The facts here are strikingly similar. TST sought access to the District's public forum for its after school club, the ASSC. Regardless of whether the District's public forum is designated or limited, the District is prohibited from engaging in viewpoint discrimination under the First Amendment.
TST sought access to the District's forum "to provide young people with an alternative to other religious clubs that meet on campus after school" and to express TST's viewpoint of the "seven Satanic virtues" and of "Satan … as a literary figure who represents a metaphorical construct of rejecting tyranny, championing the human mind and spirit, and seeking justice and egalitarianism for all." Accordingly, TST sought to present a constitutionally protected viewpoint on religion and philosophy.
The record indicates the District engaged in viewpoint discrimination by rescinding approval of TST's application based on the controversial nature of TST's viewpoint, and the negative community reaction thereto. See … Good News Club, 533 U.S. at 119 (declining to employ "a modified heckler's veto" as basis to bar group's speech in school district's limited public forum); Munroe v. Cent. Bucks School Dist. (3d Cir. 2015) ("The First Amendment generally does not permit the so-called 'heckler's veto,' i.e., 'allowing the public, with the government's help, to shout down unpopular ideas that stir anger.'").
The District's conduct is not justified by the "substantial disruption" test …. In Tinker v. Des Moines, the Supreme Court held "conduct by the student, in class or out of it, which for any reason … materially disrupts classwork or involves substantial disorder … is of course, not immunized by the constitutional guarantee of freedom of speech." In Dariano, the Ninth Circuit held this "substantial disruption" test articulated in Tinker permits school officials to "limit" student speech that "materially disrupts classwork or involves substantial disorder" even when the "substantial disruption" is "caused by the reactions of onlookers" and not the speakers themselves. Dariano v. Morgan Hill Unified Sch. Dist. (9th Cir. 2014). However, this school-setting exception to the First Amendment's general prohibition against suppressing speech based on negative reactions from listeners (the "heckler's veto") is designed to address only situations where student speech causes internal disruption and disorder. See Munroe (discussing public school setting exception to First Amendment's general prohibition of the "heckler's veto" applies to reactions of students and their parents because "neither parents nor students could be considered as outsiders seeking to 'heckle' an educator into silence—rather they are participants in public education, without whose cooperation public education as a practical matter cannot function."); Zamecnik v. Indian Prairie School Dist. # 204 (7th Cir. 2011) (holding that Tinker's "substantial disruption test" considers a school district's "legitimate responsibilities, albeit paternalistic in character, toward the immature captive audience that consists of its students, including the responsibility of protecting them from being seriously distracted from their studies by offensive speech during school hours.")….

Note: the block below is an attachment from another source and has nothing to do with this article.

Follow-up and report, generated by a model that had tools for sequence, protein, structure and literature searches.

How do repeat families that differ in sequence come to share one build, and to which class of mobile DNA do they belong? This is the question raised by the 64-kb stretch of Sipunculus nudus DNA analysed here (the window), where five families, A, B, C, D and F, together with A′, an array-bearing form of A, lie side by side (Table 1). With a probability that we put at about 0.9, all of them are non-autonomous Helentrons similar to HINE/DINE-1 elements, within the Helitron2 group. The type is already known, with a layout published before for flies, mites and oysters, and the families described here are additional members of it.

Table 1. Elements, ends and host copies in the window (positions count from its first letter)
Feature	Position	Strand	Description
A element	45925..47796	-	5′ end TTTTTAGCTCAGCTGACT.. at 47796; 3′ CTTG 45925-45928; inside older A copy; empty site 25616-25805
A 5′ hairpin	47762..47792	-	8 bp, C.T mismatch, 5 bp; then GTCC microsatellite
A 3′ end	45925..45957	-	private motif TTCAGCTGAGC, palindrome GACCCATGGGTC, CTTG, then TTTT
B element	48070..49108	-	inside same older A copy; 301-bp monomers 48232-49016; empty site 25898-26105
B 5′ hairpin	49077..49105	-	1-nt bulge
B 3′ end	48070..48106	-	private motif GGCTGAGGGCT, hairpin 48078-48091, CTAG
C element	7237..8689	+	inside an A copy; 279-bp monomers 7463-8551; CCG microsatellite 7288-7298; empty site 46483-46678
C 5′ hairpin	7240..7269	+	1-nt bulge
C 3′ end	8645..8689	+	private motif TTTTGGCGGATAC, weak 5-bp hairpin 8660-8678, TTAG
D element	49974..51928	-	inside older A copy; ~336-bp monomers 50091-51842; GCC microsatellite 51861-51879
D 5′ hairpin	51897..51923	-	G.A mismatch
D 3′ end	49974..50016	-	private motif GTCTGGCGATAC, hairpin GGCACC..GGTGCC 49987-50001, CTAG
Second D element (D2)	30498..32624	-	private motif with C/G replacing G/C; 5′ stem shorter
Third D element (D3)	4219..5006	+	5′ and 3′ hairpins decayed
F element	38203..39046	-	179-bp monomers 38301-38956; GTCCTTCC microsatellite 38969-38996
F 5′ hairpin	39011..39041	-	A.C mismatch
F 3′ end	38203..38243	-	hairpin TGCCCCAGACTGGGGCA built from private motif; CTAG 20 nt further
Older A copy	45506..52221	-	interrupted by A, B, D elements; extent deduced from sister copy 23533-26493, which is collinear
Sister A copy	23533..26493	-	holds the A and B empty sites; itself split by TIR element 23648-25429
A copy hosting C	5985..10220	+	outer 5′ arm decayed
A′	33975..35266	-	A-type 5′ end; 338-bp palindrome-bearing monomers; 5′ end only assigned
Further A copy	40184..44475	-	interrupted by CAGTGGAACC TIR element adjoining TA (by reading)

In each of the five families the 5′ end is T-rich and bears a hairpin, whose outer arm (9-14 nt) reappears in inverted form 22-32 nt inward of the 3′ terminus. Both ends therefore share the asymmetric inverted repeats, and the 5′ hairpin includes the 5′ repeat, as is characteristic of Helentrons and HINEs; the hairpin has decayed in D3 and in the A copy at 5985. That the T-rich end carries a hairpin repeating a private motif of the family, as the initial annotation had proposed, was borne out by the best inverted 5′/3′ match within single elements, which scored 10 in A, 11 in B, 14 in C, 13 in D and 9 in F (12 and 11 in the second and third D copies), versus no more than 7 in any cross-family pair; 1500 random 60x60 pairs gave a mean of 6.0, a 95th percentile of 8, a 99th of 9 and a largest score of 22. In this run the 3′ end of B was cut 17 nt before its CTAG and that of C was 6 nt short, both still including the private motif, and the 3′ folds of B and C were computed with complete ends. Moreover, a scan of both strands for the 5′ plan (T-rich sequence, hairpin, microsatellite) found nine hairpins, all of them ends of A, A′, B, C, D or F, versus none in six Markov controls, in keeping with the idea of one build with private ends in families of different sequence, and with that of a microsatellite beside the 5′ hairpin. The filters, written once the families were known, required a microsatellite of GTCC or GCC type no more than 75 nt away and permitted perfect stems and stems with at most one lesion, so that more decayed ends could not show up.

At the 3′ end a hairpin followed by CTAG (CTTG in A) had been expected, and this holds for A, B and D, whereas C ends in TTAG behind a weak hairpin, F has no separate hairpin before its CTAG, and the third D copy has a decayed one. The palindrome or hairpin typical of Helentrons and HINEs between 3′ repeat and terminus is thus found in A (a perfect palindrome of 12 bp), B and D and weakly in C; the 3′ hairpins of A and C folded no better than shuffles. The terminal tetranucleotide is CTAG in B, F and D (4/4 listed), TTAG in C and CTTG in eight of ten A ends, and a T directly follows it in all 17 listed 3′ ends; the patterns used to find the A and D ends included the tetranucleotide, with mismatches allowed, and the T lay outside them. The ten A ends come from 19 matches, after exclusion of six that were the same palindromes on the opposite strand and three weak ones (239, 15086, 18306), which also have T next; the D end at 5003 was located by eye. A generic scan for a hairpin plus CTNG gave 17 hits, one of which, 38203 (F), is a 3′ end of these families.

In this action, the speech at issue is that of an outside community organization during after school hours, not of a student during school hours. The differences do not end there. Here, Defendants identify the shooting threat made by an anonymous caller causing the District to cancel classes for a day as evidence TST's speech caused "substantial disruption." However, this disruption was external—not internal. The anonymous caller was not a student or District parent, but rather an individual from North Carolina. Considering Tinker expressly trained the "substantial disruption" test on "conduct by the student," and the Seventh Circuit's determination that the test considers a school district's responsibility "toward the… captive" student audience, as well as the unwillingness of any other federal court to apply the "substantial disruption" test to non-student speech occurring after school hours based on the hostile reactions of an individual external to the school district, the Court declines to hold the "substantial disruption" test applies here to justify the District's conduct. That the Supreme Court has recently counseled that "the leeway the First Amendment grants to schools in light of their special characteristics is diminished" while considering the "substantial disruption" test further informs this Court's decision. Mahanoy Area Sch. Dist. v. B.L. (2021)….